Sir Walter Raleigh

English Adventurer, Courtier, Navigator and Explorer
   

Born: 1554

Died: 1618


Walter Raleigh was educated at Oxford and studied law in London. He fought the French religious wars on the side of the Huguenots and in England’s war against the Irish. In 1573 and in 1583he embarked with his half-brother Humphrey Gilbert in an attempt to sail to the newfound Americas, but he did not succeed in reaching the continent.

Raleigh obtained a patent for founding a North American colony in 1584 and immediately sent out a reconnaissance expedition under the command of Philip Amadas and Arthur Barlowe. This expedition explored an island, apparently called Windgandcon by the local Native Americans (present day Roanoke, North Carolina) and returned with a cargo of Tobacco and potatoes. Raleigh named the entire area Virginia, in honor of Queen Elizabeth. He subsequently became a favorite of the Queen and received many honors in return for his efforts, including a knighthood in 1585.

That year, Raleigh sent out an expedition under the command of Richard Grenville to establish a settlement on the site he had been permitted to colonize. Within a year the colony had failed and was evacuated by a force led by Sir Francis Drake. A skeleton force was left behind to guard the fort, but Algonquin Indians later wiped out the entire garrison.

This massive failure did nothing to dampen Raleigh’s enthusiasm for colonization, however, and in 1587 he sponsored a large group of settlers who hoped to establish another colony, this time in the Chesapeake Bay area. Unfortunately, their pilot, due to a grievous navigational miscalculation, left the colonist at the site of the previous Roanoke colony. This second colony soon disappeared and to this date their fate is still left unknown.

Raleigh fell from the Queen’s favor when he secretly wed one of her maids of honor and was imprisoned briefly in the Tower of London in 1592. After buying his release, he set off on an expedition to Guyana (South America) in 1595 and sailed up the Orinoco River looking for El Dorado, the legendary ‘City of Gold’. Although he did find a good deal of gold in his travels, he never did find a mythical golden city. He then joined Robert Devereux on an expedition to the Azores in 1597.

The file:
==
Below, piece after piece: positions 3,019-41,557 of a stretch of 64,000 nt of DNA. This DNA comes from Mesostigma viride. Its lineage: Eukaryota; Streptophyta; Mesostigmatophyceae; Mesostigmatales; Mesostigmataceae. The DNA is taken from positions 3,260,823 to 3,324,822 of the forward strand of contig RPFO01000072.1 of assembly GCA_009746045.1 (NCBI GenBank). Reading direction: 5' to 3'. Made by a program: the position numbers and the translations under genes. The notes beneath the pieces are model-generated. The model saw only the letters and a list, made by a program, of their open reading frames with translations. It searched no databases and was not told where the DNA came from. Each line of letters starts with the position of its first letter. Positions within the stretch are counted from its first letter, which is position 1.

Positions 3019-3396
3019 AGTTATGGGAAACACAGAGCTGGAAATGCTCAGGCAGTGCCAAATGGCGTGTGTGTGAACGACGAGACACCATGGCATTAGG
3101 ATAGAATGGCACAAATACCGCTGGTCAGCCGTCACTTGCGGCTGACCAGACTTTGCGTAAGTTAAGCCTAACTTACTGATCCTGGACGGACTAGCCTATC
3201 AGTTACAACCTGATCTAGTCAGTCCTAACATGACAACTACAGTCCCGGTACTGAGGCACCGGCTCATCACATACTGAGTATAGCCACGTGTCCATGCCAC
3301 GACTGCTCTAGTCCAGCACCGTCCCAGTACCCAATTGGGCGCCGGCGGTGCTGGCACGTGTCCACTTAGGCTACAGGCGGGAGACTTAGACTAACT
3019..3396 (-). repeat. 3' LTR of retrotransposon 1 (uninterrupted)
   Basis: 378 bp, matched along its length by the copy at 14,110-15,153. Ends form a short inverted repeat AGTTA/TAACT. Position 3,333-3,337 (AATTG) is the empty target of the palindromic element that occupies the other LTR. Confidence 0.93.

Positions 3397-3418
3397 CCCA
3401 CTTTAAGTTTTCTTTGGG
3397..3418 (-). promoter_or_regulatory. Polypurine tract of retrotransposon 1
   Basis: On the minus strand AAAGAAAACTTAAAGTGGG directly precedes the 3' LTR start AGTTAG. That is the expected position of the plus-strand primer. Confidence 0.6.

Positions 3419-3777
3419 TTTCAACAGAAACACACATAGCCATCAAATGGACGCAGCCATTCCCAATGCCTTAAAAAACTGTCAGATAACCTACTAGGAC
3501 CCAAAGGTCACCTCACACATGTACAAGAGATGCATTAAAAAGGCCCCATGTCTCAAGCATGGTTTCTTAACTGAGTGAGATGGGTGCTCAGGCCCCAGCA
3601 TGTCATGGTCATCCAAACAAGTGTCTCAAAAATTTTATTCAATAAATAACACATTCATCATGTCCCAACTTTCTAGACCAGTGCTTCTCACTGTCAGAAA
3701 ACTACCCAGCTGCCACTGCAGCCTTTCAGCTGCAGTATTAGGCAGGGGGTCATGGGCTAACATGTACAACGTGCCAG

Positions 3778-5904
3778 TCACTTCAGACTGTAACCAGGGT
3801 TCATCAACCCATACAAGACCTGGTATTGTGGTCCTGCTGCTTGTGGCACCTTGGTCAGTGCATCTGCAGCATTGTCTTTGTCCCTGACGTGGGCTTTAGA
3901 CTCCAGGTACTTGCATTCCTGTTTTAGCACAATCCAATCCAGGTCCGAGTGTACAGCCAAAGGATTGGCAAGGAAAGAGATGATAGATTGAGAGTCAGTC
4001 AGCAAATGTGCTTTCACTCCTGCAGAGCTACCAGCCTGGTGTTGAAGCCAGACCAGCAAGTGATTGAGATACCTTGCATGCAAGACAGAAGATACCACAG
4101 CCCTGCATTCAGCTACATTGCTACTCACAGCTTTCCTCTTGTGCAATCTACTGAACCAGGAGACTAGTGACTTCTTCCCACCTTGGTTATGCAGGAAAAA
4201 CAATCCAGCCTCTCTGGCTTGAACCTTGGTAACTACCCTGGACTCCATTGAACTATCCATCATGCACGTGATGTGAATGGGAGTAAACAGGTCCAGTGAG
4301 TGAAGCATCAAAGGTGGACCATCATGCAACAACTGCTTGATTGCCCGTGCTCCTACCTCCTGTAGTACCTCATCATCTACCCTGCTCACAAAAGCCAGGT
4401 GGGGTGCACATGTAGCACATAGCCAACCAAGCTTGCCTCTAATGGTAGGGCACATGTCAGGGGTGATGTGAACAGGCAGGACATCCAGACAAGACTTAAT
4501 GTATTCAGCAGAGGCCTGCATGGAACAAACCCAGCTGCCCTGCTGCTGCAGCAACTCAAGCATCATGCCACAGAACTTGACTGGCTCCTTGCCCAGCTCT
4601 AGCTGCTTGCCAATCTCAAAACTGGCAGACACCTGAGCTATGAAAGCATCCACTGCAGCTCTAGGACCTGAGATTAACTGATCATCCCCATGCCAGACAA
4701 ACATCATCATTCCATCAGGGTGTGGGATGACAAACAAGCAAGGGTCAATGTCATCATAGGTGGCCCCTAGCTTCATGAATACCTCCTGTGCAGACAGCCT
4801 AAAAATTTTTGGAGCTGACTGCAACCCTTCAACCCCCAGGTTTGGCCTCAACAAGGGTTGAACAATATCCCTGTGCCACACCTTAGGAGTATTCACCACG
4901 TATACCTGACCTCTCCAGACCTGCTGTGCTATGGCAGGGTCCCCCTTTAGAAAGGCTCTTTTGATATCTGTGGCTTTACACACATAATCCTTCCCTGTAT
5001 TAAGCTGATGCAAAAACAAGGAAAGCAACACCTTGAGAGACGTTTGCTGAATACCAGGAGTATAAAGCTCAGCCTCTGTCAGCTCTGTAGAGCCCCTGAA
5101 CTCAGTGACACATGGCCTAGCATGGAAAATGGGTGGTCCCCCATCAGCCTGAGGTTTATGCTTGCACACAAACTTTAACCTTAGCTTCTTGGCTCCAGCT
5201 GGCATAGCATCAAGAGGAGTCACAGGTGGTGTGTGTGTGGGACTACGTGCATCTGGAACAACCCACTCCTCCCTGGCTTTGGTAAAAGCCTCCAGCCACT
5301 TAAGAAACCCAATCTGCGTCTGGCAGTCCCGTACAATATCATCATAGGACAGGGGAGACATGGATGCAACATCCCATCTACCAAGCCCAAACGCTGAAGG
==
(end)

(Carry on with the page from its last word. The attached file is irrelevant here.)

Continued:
Queen Elizabeth’s successor to the Throne, James I, did not share the queen’s fondness for Raleigh and in 1603, when Raleigh was accused of plotting to overthrow the King, Raleigh was sentenced to death, even though most historians believe that Raleigh was most likely innocent of these charges. James I later commuted the sentence from death to Life imprisonment. During his time in Jail, Raleigh wrote his ‘History of the World.’

After 13 years in prison, Raleigh convinced James I to allow the explorer to return to Guyana on behalf of England to look for gold. Although the King agreed, he warned Raleigh not to attack the Spanish in the area. The expedition, which set out in 1616, was a complete and total failure. The expedition found no gold and Raleigh’s own son was killed while attacking a Spanish settlement (in complete defiance of the King’s orders). When Raleigh returned to England the old charges were once again revived against him, along with new ones regarding his illegal assault on Spanish properties, and in 1618, after writing up a defense of his acts, he was executed.


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